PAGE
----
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"David J.A. Koogler" <[log in to unmask]>
Fri, 9 Jun 2000 11:37:57 -0400
text/plain (53 lines)
"Kester, Rush W." wrote:

> The drawback are that a successful RTOS requires a high level of
> support (IMO impossible with volunteers). It also fails the "killer
> app" requirement that no existing success products are already on the
> market.
> Doesn't Linux meet your criteria for Open Source?  Linux is very Ada
> friendly and is being adapted for use with embedded systems (e.g.,
> HardHat Linux, BlueCat Linux, etc.).

Having just completed such a project, let me make a few observations.
Linux is not a real-time OS and extensions to the scheduler do not make
it so. One problem lies with the device drivers. In general their timing
behaviour is erratic making it difficult to use Linux in a hard real
time mode. The coding of many driver is quite poor and many old drivers
have never been updated (redesigned) to use new kernel features such as
kernel level tasking.

Another problem area lies with the tasking implementation. Linux treats
each task (thread) as a separate process and uses the process scheduling
algorithms to schedule both threads and processes. While this is easy
way to inject multi-tasking, it leads to difficulties. In many RTOS
systems, when a task yields and time remains in the process's timeslice,
control passes to any other ready task within the process. However Linux
treats a task yield as if the process yielded and now performs a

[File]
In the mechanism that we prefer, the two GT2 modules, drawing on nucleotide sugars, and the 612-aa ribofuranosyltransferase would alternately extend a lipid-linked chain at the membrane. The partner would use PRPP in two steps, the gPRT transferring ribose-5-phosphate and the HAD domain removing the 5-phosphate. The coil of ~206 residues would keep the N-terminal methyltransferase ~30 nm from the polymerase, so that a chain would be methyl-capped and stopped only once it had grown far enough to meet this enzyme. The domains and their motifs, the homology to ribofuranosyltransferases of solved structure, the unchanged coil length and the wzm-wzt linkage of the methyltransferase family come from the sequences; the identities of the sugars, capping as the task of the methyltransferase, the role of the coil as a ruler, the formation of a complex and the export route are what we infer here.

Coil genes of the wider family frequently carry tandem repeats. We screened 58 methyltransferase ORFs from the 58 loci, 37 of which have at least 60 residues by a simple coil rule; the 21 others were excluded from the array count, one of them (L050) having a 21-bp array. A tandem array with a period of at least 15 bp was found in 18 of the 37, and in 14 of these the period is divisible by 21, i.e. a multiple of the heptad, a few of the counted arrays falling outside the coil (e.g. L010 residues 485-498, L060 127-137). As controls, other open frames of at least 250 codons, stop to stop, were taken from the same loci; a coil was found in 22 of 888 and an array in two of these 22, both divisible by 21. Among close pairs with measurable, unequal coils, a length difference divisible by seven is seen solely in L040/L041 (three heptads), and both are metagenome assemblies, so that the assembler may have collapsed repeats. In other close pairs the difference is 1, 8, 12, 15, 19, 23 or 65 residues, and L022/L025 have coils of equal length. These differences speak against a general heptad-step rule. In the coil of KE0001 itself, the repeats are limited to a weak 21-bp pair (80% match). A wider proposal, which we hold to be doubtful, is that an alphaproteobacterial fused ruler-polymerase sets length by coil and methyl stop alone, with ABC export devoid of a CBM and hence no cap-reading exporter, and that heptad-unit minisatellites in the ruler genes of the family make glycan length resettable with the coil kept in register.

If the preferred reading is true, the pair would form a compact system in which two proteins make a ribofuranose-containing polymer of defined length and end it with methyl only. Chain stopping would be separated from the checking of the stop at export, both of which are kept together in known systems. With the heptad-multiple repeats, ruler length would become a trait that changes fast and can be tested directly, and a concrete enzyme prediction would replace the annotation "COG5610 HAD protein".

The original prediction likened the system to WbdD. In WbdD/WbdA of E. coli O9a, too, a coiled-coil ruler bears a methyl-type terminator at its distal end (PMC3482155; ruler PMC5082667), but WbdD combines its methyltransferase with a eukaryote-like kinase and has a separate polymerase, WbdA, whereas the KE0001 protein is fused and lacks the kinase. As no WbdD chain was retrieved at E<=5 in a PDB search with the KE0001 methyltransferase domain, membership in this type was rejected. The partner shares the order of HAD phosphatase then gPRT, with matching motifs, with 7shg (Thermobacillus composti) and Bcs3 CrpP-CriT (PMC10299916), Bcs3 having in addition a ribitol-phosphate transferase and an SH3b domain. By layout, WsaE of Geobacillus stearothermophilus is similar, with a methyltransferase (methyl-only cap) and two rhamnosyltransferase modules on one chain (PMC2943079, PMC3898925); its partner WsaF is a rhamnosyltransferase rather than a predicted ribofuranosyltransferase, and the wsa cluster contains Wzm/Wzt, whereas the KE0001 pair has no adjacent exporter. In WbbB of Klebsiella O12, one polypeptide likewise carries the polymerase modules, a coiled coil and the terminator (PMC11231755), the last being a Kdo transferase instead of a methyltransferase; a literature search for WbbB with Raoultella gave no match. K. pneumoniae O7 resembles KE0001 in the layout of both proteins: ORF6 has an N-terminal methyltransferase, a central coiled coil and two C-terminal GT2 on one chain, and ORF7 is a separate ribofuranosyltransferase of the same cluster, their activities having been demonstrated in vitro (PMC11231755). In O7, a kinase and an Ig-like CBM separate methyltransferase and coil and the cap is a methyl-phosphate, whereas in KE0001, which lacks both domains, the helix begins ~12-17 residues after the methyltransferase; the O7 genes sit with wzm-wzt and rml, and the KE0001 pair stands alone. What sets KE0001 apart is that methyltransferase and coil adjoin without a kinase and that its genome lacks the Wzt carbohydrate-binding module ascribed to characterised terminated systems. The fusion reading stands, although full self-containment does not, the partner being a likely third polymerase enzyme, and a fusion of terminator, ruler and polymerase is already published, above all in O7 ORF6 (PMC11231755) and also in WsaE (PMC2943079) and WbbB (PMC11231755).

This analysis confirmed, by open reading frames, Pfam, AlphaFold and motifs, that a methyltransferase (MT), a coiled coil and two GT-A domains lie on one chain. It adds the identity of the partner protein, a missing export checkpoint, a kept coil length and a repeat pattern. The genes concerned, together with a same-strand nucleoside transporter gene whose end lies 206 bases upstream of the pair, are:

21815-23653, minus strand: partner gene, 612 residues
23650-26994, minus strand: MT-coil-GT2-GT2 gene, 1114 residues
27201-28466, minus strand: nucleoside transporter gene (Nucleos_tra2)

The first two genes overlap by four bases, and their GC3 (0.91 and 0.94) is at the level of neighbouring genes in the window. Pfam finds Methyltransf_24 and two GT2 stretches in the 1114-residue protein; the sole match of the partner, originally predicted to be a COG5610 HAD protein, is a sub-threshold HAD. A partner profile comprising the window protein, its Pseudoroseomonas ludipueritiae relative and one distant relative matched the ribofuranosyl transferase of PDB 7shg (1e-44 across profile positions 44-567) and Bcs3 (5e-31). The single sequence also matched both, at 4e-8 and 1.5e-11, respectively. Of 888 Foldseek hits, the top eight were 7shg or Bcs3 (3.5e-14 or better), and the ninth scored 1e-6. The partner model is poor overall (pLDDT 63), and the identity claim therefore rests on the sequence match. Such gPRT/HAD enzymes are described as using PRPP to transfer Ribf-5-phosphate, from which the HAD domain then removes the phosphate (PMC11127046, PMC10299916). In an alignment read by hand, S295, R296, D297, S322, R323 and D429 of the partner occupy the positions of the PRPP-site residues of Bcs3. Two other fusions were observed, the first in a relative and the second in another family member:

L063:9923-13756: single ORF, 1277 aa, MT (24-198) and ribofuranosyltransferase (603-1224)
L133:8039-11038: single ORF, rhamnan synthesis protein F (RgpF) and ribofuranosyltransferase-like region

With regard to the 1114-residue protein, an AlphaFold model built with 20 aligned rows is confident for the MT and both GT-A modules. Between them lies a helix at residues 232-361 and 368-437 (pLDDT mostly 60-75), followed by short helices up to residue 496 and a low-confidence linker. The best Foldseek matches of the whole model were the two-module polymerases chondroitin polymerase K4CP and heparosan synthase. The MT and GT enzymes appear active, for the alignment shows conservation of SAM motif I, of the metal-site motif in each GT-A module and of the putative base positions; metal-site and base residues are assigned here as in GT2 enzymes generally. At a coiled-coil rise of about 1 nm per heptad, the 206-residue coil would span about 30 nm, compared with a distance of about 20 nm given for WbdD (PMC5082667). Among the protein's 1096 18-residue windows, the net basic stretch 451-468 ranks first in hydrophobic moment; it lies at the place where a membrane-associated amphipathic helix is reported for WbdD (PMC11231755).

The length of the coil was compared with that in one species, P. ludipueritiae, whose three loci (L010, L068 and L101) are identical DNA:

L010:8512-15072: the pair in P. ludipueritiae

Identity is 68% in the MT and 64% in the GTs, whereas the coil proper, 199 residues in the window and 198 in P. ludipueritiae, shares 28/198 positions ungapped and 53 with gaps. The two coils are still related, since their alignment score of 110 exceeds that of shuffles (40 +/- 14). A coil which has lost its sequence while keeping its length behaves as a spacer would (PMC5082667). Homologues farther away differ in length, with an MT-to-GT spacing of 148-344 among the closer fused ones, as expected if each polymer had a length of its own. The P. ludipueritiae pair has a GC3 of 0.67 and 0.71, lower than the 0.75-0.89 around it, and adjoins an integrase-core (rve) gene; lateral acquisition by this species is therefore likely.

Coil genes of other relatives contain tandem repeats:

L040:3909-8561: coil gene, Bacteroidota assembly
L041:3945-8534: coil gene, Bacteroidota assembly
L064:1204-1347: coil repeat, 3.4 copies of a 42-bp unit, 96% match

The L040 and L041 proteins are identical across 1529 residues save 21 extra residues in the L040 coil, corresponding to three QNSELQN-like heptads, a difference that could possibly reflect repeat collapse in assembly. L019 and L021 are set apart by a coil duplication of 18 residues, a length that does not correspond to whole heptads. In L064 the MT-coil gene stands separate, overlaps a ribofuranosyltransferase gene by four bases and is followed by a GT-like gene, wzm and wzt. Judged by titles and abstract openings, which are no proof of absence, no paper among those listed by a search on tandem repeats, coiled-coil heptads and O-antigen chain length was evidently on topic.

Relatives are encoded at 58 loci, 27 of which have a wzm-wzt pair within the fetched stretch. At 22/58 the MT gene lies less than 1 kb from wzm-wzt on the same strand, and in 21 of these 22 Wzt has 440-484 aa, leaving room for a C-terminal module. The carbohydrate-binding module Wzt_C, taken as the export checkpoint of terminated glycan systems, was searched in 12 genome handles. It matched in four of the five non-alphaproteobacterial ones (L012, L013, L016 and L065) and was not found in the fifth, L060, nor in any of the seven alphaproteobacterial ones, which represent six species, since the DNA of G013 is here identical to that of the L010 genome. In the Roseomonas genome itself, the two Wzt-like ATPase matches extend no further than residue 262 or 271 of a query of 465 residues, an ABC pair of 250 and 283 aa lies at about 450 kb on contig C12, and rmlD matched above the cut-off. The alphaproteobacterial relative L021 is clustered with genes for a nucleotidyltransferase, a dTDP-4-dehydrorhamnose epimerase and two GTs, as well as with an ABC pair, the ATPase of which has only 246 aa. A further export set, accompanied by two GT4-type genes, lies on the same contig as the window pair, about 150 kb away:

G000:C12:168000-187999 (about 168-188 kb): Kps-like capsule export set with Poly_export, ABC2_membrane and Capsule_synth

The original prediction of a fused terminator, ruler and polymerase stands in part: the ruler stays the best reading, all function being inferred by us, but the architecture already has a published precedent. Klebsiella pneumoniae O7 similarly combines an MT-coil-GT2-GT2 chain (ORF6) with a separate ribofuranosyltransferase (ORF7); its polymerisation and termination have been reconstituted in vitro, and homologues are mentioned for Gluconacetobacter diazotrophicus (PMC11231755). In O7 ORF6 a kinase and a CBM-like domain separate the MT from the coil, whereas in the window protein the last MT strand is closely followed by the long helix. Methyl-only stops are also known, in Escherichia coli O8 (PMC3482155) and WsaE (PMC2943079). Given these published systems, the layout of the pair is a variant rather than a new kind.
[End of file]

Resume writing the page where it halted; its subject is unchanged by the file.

complete schedule evaluation. Control can transfer to another task in
another process. Hence processes with large number of tasks are penalize
relative to processes with no tasks.

The other drawback with the Linux technique is that is takes significant
time to evaluate the scheduling database and make a selection. The
tools also begin to suffer since now a PS command may have to display
several hundred threads in addtion to the normal dozen or so processes.
My experience indicates that Linux designers only expect to see a few
tasks not the dozens of tasks typical of large real-time systems.

It is interesting to note that RTOS's is one of the few areas left where
one can innovate in operating system design and there are openings for
small firms (though long time survival is doubtful). Ada is an ideal
vehicle for such work but suffers from the lack of Ada compilers for
small systems, such as Intel 8086, 8051, HC6811s, and so forth.

For more stimulus take a look at: VSTa ( which
is a small 80x86 microkernel and is written in GCC-C with assembler
extensions; the Flux OSKit ( which is
a series of libraries building operating systems on 80x86 systems;
Cygnus ECos ( for an Open System RTOS; and RTEMS

David J.A. Koogler
Boolean Solutions, Ltd.